The present invention method and scalpel instrument is discussed here for illustrative purposes as used in orthopedic surgery. This description in no way implies that the use of the knife, or the technique, is limited to orthopedic surgery, limited to fracture surgery, limited to surgery on bone, or limited to surgery on humans.
Further novel features and other objects of the present invention will become apparent from the following drawings, detailed description and discussion.
Referring particularly to the drawings for the purpose of illustration only and not limitation, there is illustrated:
Although specific embodiments of the present invention will now be described with reference to the drawings, it should be understood that such embodiments are by way of example only and merely illustrative of but a small number of the many possible specific embodiments which can represent applications of the principles of the present invention. Various changes and modifications obvious to one skilled in the art to which the present invention pertains are deemed to be within the spirit, scope and contemplation of the present invention.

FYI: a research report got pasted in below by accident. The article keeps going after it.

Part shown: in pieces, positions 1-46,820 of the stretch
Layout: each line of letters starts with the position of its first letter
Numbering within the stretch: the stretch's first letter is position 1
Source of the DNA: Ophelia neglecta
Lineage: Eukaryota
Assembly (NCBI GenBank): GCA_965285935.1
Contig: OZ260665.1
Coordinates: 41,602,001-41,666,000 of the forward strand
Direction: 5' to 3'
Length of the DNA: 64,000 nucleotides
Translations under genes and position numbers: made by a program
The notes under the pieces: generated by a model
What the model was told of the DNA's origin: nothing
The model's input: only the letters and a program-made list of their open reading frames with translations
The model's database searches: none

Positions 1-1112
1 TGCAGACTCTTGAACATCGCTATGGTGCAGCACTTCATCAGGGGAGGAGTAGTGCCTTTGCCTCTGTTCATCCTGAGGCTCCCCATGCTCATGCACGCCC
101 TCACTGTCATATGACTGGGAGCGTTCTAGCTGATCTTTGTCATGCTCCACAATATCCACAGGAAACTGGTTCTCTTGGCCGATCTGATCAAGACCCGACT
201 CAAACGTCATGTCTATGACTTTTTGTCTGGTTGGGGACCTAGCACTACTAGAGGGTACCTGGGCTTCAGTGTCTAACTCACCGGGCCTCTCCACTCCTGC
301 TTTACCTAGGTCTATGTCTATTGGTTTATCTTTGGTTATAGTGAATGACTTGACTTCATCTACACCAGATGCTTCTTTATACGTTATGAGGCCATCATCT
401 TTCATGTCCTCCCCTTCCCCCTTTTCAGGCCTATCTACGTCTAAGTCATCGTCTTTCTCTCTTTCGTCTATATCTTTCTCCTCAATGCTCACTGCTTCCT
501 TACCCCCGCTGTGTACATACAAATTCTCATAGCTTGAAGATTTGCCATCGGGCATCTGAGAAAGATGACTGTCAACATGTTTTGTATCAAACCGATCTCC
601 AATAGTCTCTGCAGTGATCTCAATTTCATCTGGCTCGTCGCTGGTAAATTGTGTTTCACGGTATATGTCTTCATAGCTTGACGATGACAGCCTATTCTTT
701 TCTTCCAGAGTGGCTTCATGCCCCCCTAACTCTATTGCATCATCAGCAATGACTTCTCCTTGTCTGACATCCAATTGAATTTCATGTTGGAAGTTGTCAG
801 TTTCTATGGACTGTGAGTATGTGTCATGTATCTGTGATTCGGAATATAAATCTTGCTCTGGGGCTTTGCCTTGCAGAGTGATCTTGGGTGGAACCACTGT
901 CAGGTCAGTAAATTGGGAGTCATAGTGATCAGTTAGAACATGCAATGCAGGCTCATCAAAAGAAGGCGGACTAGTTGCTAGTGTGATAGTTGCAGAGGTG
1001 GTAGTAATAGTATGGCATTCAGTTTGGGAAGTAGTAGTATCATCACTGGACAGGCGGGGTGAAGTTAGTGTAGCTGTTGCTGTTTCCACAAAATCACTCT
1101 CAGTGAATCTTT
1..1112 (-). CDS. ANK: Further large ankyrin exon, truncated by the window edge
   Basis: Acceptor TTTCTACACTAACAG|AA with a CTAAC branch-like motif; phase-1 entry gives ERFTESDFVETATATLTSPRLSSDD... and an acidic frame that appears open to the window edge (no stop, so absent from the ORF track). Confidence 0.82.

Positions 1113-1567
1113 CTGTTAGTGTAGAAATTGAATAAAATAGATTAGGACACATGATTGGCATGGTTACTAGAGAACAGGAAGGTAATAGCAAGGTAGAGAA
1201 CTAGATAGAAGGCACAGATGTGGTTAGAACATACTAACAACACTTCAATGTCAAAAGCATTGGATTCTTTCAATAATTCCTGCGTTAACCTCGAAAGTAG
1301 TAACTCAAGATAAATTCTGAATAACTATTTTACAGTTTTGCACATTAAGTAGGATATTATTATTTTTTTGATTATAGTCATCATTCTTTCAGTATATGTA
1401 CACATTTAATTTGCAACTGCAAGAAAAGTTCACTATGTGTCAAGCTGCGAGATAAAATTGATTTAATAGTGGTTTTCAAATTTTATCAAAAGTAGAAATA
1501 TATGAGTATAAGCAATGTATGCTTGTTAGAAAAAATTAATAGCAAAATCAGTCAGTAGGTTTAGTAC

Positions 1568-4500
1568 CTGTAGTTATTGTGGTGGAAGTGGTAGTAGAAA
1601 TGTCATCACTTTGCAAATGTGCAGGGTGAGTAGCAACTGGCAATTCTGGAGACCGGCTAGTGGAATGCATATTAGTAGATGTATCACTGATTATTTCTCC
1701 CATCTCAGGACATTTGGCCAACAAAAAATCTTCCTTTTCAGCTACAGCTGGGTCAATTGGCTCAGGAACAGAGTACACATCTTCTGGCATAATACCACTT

The scalpel instrument 10 also has two blades 20, 30. While the scalpel instrument 10 may have any number of blades, the preferred embodiment is shown with two blades 20 and 30. In the default position, the two blades 20 and 30 lay one atop the other with their cutting edges facing the centerline, as best illustrated in
The blades 20 and 30 are expanded and retracted by a retraction means 50. The retraction means 50 may be of any form, but are here shown as a spring-loaded plunger 52 with a finger hold 70 and 72 located near the proximal end 64 of a plunger rod 60 and may or may not have a transverse rod 66 located at the tip of the distal end 62. The preferred embodiment utilizes a transverse rod 66, but the objectives of the present invention may be fulfilled by other means such as just the distal tip of the plunger rod 60. If the retraction means 50 is of a spring-loaded plunger 52, the spring 54 may be located anywhere on the apparatus as is useful and required to perform the objectives of the present invention. The two blades 20 and 30 have matching slots 22 and 32 respectively that are identical to each other when the blades 20 and 30 are placed flat one over the other facing the same direction, and are also at an angle to the direction of the plunger rod 60, as shown in